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Thursday, 24 June 2004
Page: 31742

Ms MACKLIN (9:46 AM) —I am very pleased to present a petition to the parliament signed by 12,720 people. This is a petition about the extraordinary importance of our public education system to the democratic development of our country. The petition emphasises the role that our public schools play in the development of not only highly skilled individuals but also an economically strong country. The most important thing that the petitioners emphasise is the critical role that public schools play in our national identity and in our democratic traditions, so I am very pleased to be able to present the petition today. The petitioners call on all members to accept national responsibility for priority in funding to our public schools, because they, like I, want to make sure that our public schools do continue to provide a high quality of education to each and every Australian.

I just want to make reference to another petition, which I unfortunately cannot present because it is not in order. I want to make reference to the importance of the issues that the petitioners have raised with me. The petition is titled `Ride for refugees'. The petitioners have asked us to support fairer treatment for people arriving in Australia seeking asylum. They are specifically asking that children and families currently in custody be released into the community; that people who have been proven to be refugees be provided with permanent protection, with assistance to return home on a voluntary basis; that the long periods of detention be reduced to a short-term assessment period and that people be released into the community whilst determination of refugee status is reached. I thank the committee for the opportunity to present this petition here today.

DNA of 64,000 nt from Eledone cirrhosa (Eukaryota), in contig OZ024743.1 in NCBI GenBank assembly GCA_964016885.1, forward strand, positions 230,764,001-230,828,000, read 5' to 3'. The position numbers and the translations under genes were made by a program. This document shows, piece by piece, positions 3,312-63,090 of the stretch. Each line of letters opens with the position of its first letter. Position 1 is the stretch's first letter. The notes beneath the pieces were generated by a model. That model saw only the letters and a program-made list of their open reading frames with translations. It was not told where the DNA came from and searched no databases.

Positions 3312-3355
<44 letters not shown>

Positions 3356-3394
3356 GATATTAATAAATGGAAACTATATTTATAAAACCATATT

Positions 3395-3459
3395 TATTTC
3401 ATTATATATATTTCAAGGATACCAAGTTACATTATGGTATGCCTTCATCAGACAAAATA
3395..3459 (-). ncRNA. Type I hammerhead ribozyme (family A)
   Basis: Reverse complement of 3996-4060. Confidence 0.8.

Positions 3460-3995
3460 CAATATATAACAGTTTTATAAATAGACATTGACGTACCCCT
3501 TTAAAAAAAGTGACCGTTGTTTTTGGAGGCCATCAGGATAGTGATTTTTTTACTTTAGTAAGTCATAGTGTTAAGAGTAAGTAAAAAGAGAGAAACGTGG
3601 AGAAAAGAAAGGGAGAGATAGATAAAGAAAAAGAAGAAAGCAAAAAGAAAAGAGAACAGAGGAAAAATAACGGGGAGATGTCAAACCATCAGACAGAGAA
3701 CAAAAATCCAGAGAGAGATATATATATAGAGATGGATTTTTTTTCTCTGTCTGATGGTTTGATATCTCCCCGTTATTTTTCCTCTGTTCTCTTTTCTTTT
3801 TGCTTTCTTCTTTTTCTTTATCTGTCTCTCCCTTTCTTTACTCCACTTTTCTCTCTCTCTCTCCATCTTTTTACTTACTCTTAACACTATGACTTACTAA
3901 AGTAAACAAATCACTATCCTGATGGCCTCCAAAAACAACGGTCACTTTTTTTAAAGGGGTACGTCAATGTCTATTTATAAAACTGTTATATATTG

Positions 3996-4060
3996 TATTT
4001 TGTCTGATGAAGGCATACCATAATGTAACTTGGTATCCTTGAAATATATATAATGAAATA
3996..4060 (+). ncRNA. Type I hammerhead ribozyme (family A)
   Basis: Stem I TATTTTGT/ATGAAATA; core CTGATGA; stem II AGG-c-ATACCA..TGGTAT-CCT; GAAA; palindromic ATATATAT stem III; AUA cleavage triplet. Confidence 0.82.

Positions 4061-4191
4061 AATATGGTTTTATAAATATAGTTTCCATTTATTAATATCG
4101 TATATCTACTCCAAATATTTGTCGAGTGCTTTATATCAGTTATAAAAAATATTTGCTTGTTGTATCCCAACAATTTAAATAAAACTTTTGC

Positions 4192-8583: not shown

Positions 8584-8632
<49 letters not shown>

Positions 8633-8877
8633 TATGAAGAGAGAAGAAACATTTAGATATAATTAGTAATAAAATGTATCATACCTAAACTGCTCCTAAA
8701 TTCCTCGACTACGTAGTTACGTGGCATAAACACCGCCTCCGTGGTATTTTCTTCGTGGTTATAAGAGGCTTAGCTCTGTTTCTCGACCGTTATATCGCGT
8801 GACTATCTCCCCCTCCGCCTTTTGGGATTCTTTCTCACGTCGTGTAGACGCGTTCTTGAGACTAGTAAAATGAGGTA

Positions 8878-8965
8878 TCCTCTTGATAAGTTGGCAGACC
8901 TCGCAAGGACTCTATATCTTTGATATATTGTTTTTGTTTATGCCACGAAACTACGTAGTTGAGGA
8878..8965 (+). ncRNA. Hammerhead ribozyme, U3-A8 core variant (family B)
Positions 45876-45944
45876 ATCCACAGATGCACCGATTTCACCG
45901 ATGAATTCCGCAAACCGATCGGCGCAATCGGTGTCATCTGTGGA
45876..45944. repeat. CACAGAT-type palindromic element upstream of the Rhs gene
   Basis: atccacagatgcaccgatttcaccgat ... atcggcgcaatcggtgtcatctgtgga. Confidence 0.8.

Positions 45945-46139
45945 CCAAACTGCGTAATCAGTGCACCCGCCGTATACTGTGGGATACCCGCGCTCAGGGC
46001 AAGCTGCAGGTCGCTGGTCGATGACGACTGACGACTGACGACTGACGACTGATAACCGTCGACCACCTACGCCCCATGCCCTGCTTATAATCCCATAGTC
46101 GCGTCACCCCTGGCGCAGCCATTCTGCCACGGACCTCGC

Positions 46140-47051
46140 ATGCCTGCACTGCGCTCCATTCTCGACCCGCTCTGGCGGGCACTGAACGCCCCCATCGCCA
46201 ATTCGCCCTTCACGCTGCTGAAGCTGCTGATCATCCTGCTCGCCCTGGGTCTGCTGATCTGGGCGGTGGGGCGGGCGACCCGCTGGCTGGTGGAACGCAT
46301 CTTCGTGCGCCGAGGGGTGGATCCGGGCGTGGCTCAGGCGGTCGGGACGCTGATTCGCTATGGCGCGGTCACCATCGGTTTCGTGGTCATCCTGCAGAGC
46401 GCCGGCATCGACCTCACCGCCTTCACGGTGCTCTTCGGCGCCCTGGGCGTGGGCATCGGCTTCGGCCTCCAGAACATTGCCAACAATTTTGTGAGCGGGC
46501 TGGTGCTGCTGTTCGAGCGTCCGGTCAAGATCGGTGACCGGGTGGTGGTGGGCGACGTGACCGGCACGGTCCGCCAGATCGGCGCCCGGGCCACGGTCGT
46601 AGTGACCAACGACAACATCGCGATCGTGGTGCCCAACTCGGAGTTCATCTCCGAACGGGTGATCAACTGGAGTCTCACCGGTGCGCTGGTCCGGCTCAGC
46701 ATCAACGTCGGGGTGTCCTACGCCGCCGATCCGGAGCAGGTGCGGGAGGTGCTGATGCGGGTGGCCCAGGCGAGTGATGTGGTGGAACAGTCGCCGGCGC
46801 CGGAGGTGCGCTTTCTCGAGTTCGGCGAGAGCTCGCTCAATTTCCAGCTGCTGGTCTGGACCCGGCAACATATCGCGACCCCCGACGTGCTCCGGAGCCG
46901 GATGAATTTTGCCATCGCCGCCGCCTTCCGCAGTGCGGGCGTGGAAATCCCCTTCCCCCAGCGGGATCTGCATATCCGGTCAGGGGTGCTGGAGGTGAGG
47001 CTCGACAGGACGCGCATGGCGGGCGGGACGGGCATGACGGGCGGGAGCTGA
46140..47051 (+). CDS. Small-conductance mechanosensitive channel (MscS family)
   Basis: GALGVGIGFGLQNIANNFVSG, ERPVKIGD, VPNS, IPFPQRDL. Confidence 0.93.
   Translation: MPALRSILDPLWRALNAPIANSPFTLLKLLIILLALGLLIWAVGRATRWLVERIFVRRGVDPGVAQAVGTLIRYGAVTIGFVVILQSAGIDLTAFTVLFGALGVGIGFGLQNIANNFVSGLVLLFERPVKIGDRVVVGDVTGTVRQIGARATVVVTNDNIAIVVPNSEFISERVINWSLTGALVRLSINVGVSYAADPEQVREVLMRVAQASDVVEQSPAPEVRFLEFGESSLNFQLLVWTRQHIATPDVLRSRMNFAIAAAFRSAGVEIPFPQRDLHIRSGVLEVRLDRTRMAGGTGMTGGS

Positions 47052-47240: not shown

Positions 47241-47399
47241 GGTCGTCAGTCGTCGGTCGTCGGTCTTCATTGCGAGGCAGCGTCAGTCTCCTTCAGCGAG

The petition read as follows-

To the Honourable the Speaker and members of the House of Representatives assembled in Parliament

The petition of certain citizens of Australia draws to the attention of the House.

For over 150 years our country has been served by a comprehensive and inclusive system of public education. Public education has contributed to successful lives and democratic social development in an Australia which is highly skilled and economically strong. It has built our national identity and democratic traditions and given the capacity for active citizenship to the Australian people.

All of this has been possible only because the system has enjoyed public confidence and public investment. At this time both are under threat. Public confidence has been undermined by divisive attacks and public investment has been distorted by an unfair system of federal funding which favours an already well-off minority to the detriment of those in genuine need.

We therefore call on all Members to condemn these unjust attacks, and to:

accept national responsibility to provide priority in funding to public schools to enable them to continue to provide high quality education to all, regardless of wealth, location, ethnicity, religion or special needs; and,

replace the current unfair SES funding model with a new Commonwealth and State system which provides enhanced educational resources to schools allocated on the basis of educational need and which ends public funding to wealthy schools which are already well resourced.

from 12,720 citizens.